0-2 inclusive.

   a.  "0" -- Priority Policy has been adopted by the sender.

   b.  "1" -- Filtering Policy has been adopted by the sender.

   c.  "2" -- Persistency Policy has been adopted by the sender.








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5.1.3.  TimeType and TimeValue

   The two fields show us when the sender starts to apply the policy
   indicated in TYPE field or when the sender revokes it, that is
   dependent on TimeType Value.  TT parameter may take any value from
   0-1 inclusive

   a.  "0" -- Subsequent TimeValue field represent start time.

   b.  "1" -- Subsequent TimeValue field represent end time.

   When Priority Policy was applied, if TT Value equals "0", TV Value
   SHOULD be the TIMESTAMP Value of the first message out of order; if
   TT Value equals "1", TV Value SHOULD be the TIMESTAMP Value of the
   last message out of order.

   When Filtering Policy was applied, if TT Value equals "0", TV Value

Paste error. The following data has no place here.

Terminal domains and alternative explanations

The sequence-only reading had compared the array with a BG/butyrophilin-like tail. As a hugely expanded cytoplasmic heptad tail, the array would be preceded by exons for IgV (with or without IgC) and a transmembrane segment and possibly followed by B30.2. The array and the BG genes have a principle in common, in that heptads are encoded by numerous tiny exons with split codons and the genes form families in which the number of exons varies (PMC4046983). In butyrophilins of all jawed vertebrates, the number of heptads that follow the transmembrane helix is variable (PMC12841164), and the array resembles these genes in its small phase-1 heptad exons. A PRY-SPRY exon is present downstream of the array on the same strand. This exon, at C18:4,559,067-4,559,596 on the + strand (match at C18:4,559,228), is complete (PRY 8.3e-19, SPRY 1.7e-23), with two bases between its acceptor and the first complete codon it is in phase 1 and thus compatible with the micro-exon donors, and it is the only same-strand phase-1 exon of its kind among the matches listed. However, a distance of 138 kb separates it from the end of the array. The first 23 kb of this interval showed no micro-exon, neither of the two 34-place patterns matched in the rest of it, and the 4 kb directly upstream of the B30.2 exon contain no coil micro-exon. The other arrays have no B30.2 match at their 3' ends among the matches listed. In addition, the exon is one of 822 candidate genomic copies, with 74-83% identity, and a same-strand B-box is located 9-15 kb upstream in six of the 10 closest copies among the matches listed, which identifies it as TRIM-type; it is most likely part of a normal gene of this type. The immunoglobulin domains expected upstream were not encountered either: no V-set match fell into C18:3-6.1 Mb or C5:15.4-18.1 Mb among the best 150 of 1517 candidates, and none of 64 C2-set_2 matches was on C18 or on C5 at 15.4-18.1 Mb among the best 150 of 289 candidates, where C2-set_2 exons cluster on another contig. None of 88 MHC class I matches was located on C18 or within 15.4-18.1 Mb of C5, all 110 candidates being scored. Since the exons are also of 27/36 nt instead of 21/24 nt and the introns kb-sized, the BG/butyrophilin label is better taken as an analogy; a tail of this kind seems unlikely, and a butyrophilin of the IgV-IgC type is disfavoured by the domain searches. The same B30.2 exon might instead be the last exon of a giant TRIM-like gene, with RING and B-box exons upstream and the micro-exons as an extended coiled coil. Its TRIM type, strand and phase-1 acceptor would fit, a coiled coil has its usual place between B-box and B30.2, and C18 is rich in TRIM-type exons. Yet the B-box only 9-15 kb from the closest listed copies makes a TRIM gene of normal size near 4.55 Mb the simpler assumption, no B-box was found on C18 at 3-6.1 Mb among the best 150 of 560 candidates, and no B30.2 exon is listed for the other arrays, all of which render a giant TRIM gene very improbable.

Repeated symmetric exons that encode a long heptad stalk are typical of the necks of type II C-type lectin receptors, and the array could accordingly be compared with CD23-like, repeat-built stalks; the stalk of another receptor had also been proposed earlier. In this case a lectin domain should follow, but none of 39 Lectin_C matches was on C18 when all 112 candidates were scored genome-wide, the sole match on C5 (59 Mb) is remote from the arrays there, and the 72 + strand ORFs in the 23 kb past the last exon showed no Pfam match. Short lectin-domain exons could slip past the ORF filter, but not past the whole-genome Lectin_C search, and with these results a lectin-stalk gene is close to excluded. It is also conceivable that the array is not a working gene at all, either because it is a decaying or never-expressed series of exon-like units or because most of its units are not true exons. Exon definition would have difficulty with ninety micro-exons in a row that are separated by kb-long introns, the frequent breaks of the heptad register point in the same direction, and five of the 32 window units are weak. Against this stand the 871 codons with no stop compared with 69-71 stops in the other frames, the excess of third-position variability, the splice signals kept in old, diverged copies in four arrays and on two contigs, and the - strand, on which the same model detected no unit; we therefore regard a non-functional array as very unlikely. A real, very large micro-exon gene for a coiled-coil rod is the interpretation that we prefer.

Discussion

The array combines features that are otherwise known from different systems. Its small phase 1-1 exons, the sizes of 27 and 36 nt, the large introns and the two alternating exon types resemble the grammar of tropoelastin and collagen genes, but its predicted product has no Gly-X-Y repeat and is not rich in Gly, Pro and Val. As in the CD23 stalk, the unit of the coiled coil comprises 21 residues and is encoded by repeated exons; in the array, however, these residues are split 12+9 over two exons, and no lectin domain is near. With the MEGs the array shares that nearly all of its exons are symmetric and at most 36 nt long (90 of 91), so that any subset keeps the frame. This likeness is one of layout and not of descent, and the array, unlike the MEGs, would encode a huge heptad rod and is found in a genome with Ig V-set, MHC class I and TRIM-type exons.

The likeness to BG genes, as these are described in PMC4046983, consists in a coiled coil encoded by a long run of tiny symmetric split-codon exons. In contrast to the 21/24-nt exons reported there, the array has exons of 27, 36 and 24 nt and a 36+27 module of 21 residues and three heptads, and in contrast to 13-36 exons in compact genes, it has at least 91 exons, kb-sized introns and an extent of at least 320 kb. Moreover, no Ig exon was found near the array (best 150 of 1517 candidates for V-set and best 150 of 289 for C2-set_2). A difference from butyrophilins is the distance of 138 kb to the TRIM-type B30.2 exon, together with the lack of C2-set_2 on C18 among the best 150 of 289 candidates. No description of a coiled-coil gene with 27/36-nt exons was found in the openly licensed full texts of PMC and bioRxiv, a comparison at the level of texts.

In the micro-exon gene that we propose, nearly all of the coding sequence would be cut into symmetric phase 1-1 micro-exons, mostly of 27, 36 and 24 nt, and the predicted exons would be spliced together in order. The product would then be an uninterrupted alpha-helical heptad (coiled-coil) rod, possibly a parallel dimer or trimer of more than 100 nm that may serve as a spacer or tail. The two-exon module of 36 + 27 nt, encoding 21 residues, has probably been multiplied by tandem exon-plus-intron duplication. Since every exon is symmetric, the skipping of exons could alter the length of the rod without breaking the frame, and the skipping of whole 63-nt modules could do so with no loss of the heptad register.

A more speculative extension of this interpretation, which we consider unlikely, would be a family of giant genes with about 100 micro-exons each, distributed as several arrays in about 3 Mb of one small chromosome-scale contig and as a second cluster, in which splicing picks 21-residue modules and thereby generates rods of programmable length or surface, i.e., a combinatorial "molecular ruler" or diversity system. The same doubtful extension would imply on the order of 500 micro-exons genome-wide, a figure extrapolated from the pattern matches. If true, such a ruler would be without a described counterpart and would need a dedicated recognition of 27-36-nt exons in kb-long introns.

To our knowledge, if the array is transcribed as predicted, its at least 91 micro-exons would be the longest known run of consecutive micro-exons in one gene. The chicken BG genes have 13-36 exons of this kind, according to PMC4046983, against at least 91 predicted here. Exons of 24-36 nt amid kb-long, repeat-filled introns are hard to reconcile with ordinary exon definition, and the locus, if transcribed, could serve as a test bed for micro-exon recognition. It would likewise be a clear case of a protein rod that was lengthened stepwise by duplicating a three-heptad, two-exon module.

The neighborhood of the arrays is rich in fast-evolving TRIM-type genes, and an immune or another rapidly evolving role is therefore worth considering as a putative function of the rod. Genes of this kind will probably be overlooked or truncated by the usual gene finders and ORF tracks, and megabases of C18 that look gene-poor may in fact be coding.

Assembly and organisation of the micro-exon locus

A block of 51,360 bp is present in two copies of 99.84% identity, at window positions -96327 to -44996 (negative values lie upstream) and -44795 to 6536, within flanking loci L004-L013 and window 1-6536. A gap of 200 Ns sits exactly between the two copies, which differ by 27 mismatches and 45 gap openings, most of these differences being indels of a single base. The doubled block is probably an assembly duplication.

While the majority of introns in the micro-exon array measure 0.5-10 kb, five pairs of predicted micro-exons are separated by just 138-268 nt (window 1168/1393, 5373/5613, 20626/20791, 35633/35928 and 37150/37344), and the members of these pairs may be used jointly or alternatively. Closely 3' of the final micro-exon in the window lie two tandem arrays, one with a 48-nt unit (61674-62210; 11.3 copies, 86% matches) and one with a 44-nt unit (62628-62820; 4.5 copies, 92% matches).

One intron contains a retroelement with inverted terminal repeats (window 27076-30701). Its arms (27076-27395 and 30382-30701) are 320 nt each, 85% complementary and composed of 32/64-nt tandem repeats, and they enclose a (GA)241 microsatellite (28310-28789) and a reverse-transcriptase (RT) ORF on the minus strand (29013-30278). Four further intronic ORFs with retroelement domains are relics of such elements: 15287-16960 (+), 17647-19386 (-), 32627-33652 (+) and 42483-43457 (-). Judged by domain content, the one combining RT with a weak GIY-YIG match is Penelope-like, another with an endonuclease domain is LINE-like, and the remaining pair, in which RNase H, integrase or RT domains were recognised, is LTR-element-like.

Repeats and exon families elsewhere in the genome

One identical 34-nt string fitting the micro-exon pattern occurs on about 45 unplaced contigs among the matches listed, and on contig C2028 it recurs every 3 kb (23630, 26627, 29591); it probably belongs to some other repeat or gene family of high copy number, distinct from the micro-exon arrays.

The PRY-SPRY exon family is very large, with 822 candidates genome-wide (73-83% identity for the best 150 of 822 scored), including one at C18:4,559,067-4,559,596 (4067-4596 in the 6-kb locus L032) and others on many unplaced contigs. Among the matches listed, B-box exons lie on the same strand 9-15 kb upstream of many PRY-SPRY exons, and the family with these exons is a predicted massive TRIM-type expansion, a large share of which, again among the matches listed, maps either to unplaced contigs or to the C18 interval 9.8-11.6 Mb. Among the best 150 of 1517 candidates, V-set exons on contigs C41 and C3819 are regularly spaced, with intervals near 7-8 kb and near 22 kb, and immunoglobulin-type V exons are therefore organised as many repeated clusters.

SHOULD be the TIMESTAMP Value of the first message dropped; if TT
   Value equals "1", TV Value SHOULD be the TIMESTAMP Value of the last
   message dropped.

   When Persistency Policy was applied, if TT Value equals "0" or "1",
   TV Value SHOULD be the system time when the Policy message was
   sent(I.e., TV Value equals to TIMESTAMP Value in message HEADER).

   sending-policy SDE can convey only criteria for importance
   evaluation, in this case, no indicator for policy has been applied or
   revoked, so this two field can be absent.

   TV parameter is a formalized timestamp derived from [RFC3339] and
   follow the restrictions specified in [RFC5424](section 6.2.3).

5.1.4.  Criteria and Threshold

   Criteria field indicates the criteria which are used to evaluate the
   importance of messages.  Criteria parameter may take any value from
   0-2 inclusive.

   a.  "0" -- Evaluate importance of a message based on Severity Value